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East Lansing Committee Proposes Police Oversight Commission To Increase Transparency

police car
East Lansing Police Dept.

An East Lansing committee is proposing a police oversight commission made up entirely of volunteer community members.

The group would be tasked with investigating incidents involving force, conducting research on police performance, and making information on police activity accessible to the public.

The goal is to increase accountability within the East Lansing Police Department and address racial inequities and use of force.

But one thing the group wouldn't be able to do is pursue disciplinary action. Chuck Grigsby is Chair of the Study Committee on an Independent Police Oversight Commission. He's also the chair of the East Lansing Human Rights Commission.

He said the police oversight commission would still be able to influence discipline through community feedback.

“And when you have community involvement, we have stakeholders involved, when you have active participants within our department, you have leadership from the government. Those are ways that will affect disciplinary actions indirectly.”

Heather Hulon is the sister of Anthony Hulon, a Lansing man who died in police custody in April of last year.

She said without disciplinary action, the group won’t be as effective.

“Part of the accountability would be on the discipline side. So what's going to happen? it needs to be reviewed by someone other than the individuals that are committing the act," Hulon said.

The draft states that out of the 11-member board, two must be licensed social workers. Another two must reflect the diverse demography of East Lansing and had adverse encounters with the ELPD. The members will serve terms staggered in three year intervals.

Members can’t serve more than two consecutive terms and they must sign a confidentiality clause and will be subject to removal if they violate it.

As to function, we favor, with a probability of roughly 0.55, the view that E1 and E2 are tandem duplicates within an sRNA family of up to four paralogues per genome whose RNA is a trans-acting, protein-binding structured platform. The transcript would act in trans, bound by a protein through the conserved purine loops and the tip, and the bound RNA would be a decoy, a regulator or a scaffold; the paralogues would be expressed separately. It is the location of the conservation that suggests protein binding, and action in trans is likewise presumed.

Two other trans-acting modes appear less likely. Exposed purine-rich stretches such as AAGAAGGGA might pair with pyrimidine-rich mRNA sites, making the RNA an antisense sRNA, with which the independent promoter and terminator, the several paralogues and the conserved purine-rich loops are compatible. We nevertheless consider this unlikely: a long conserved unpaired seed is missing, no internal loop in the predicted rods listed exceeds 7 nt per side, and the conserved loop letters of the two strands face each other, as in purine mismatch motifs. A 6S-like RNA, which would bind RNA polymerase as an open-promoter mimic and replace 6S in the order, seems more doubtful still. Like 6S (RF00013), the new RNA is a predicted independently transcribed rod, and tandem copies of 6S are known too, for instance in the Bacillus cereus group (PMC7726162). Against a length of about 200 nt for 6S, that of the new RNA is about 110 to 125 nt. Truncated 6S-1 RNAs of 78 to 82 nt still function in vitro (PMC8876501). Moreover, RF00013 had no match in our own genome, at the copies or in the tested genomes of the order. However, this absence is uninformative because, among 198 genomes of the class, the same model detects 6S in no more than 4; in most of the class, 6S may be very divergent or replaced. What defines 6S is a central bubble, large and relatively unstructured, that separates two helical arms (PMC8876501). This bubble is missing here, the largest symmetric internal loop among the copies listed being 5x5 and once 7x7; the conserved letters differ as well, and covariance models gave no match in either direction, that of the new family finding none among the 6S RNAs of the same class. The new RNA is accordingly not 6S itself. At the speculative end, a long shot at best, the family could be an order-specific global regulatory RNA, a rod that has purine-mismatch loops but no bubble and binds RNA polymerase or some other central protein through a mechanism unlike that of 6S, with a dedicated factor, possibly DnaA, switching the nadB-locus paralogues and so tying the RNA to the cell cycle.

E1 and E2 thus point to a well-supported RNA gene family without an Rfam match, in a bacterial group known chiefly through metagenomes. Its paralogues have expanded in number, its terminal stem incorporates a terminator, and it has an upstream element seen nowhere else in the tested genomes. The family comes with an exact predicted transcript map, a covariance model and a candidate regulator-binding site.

Grigsby believes the group will be effective in changing police culture because it would take input from people who’ve had negative experiences with the police into account.

“And I believe truly, that you can make a difference when you have that much buy-in from the community and leadership," Grigsby said.

Hulon said she’s encouraged that East Lansing is considering a police oversight commission and hopes to see information about police-involved-deaths made available to both the public and the victim’s family.

“If there's something in place, where they can be held accountable, they can be forced to have that transparency, you know, to give the information, so families aren't struggling and having to fight, and do all the research," Hulon said.

Hulon and Grigsby both hope the task force will be a starting ground for creating a shift in police culture. The study committee will present its recommendation to the city council Tuesday, June 8.

On June 15th, the East Lansing City Council will reconvene to discuss the committee's recommendation.

Editor's Note: This story has been updated to accurately reflect the council's agenda on June 15th.

Megan Schellong is the local host and producer for Morning Edition on WKAR.
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